Michelle Rhee: Be Careful What You Wish For

Change is hard. As someone who battles daily to teach future adults-in-training, not assemble some internationally-competitive, global workforce, I’m no stranger to fighting against well-funded, well-connected, but naïve reformers.

Sadly, Michelle Rhee, former Washington D.C. Schools Chancellor and proponent of untried, untested reforms, has once again waded into the murky waters of reforms. She and her ilk continue to exploit a famous Mark Twain maxim about the three kinds of lies: lies, damned lies, and statistics. Reformers will twist international test scores in extremely selective ways to support their questionable improvements.

Michelle Rhee’s article was titled “How America Is Failing Its Kids.” The only people failing the kids are these so-called education reformists.

Last week, the United States got a painful reminder that international tests are relatively useless for comparing countries. The Program for International Student Assessment (PISA) provides yearly rankings of industrialized nations, and the US apparently is still on that same horrific decline that “A Nation at Risk” declared some thirty years ago. Presently Mercedes Schneider has written a piercing piece on those latest PISA scores (http://deutsch29.wordpress.com/2013/12/12/anti-union-nonprofit-shill-attacks-aft/), pointing out that since Latvia, Estonia, and Vietnam scored higher than we did, they therefore must signal a new global triumvirate that will replace the United States as a Superpower.

Frankly it’s ridiculous to use this test to compare countries. China, for example, doesn’t test their entire population, just the city of Shanghai. Wouldn’t the US scores be wonderful if we only tested, say, Boston, with its top-notch, educational standards? Comparing Finland, which has a poverty rate of less than 5% and the United States, with higher than 20%, reminds one of oranges and apples, and does not represent the fine qualities for which the United States stands.

Michelle Rhee, o astute analyst of information, thank you for your incredible diagnostic skills. Your breakdown of numbers in Massachusetts pointed out a disparity of scores between white students and “children of color.” Ms. Rhee claims that Common Core will miraculously solve this unacceptable disparity. How exactly does making all students meet the same standards suddenly close the gap between the two groups, white and colored, to use her phrase? It doesn’t, and apparently with the recent first rounds of scores from states engaging in the Common Core testing debacle, all it has done is widen the gap between these two groups and set all students up for failure against incredibly high benchmarks.

Michelle Rhee, o sensible sage of perspicacity, your perception of the Constitution is woefully lacking. Education is a state issue. Encouraging a common set of standards for all states through bribery–liberal doses of federal money (Race to the Top Grants)—is tantamount to creating a federal curriculum. The Elementary and Secondary Education Act of 1965 specifically forbids this, a most inconvenient fact for education reform proponents. Their disingenuous claims that no state was forced to apply for grant money doesn’t disguise the naked fact that states desperately need money for education, and the strings attached were adoption of the same standards for some 45 states. When 90% of a country is trying to meet the same standards, you have a federally-aligned system. States have the right to set their own curricula that match nobody else’s, and if one state is higher than the other, well, that’s the cost of federalism. It’s useful to know those definitions.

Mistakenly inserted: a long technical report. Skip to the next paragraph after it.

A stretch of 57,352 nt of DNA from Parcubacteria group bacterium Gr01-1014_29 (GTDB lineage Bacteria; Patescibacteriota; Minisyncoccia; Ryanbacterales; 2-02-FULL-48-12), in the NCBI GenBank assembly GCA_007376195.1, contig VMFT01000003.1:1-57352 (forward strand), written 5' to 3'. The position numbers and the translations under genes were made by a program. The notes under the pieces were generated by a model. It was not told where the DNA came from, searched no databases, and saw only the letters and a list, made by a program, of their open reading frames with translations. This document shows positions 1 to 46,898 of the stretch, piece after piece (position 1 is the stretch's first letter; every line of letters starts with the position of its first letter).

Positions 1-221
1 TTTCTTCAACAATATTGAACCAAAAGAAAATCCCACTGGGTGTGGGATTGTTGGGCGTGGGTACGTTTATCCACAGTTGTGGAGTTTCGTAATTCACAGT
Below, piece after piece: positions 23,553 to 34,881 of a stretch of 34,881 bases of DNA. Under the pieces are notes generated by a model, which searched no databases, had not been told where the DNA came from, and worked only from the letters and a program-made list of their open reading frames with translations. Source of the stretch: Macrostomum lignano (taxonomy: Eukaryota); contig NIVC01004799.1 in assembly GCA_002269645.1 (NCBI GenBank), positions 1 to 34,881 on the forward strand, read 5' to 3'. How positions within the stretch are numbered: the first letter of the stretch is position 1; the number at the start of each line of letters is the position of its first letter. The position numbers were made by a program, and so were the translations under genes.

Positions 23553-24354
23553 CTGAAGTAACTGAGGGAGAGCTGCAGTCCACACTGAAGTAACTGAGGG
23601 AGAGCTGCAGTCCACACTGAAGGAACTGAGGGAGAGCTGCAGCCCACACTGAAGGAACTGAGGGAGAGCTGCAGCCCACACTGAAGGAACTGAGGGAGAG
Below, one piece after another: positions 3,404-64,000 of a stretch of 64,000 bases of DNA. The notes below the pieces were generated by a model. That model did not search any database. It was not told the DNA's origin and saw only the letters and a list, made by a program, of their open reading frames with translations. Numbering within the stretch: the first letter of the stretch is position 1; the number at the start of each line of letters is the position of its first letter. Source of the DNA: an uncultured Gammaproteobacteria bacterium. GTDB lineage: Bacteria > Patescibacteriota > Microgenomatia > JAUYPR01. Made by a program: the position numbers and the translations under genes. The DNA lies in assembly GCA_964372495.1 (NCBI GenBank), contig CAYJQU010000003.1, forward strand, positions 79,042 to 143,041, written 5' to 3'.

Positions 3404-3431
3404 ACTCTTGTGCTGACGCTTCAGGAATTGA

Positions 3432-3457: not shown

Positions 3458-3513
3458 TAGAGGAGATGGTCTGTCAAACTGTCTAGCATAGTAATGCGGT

Michelle Rhee, o crafty architect of anecdotes, that story about students transferring states, while lamentable, is the price of federalism inherent in our constitutional republic. That same republic allows us to speak against these ill-designed, unverified reforms and even chase out educational leaders who lack the skills and prerequisite educational background to guide educational systems. How can a woman whose failed educational career of three years’ in the classroom be trusted to run an intricate system with thousands of employees? How can a man who too lasted just three years in the classroom be trusted, after six weekend seminars, to become an education leader in New York, a Superintendent of a Recovery School District, and then get elevated to the top educational job in the State of Louisiana? (Think John White.) How can a man who could not get hired as a teacher, much less a principal, and has little standard-writing experience get cherry-picked to rewrite all the standards for Common Core? (Think David Coleman.)

Michelle Rhee, o failed former firer of principals and teachers, be careful what you wish for. Your words were “The United States made no improvement from previous years, while other countries leapfrogged us by dramatically improving their students’ proficiency levels.” What better proof that this stunning package of reforms aren’t working? Ten years of No Child Left Behind, ten years of claiming market-based theories will fix education’s woes, ten years of denigrating teachers and principals as the enemy, apparently hasn’t worked. So what’s my favorite definition of insanity? Oh, that’s right, it’s Albert Einstein’s: Doing the same thing over and over and expecting different results.

Michelle Rhee’s article was titled “How America Is Failing Its Kids.” The only people failing the kids are these so-called education reformists.



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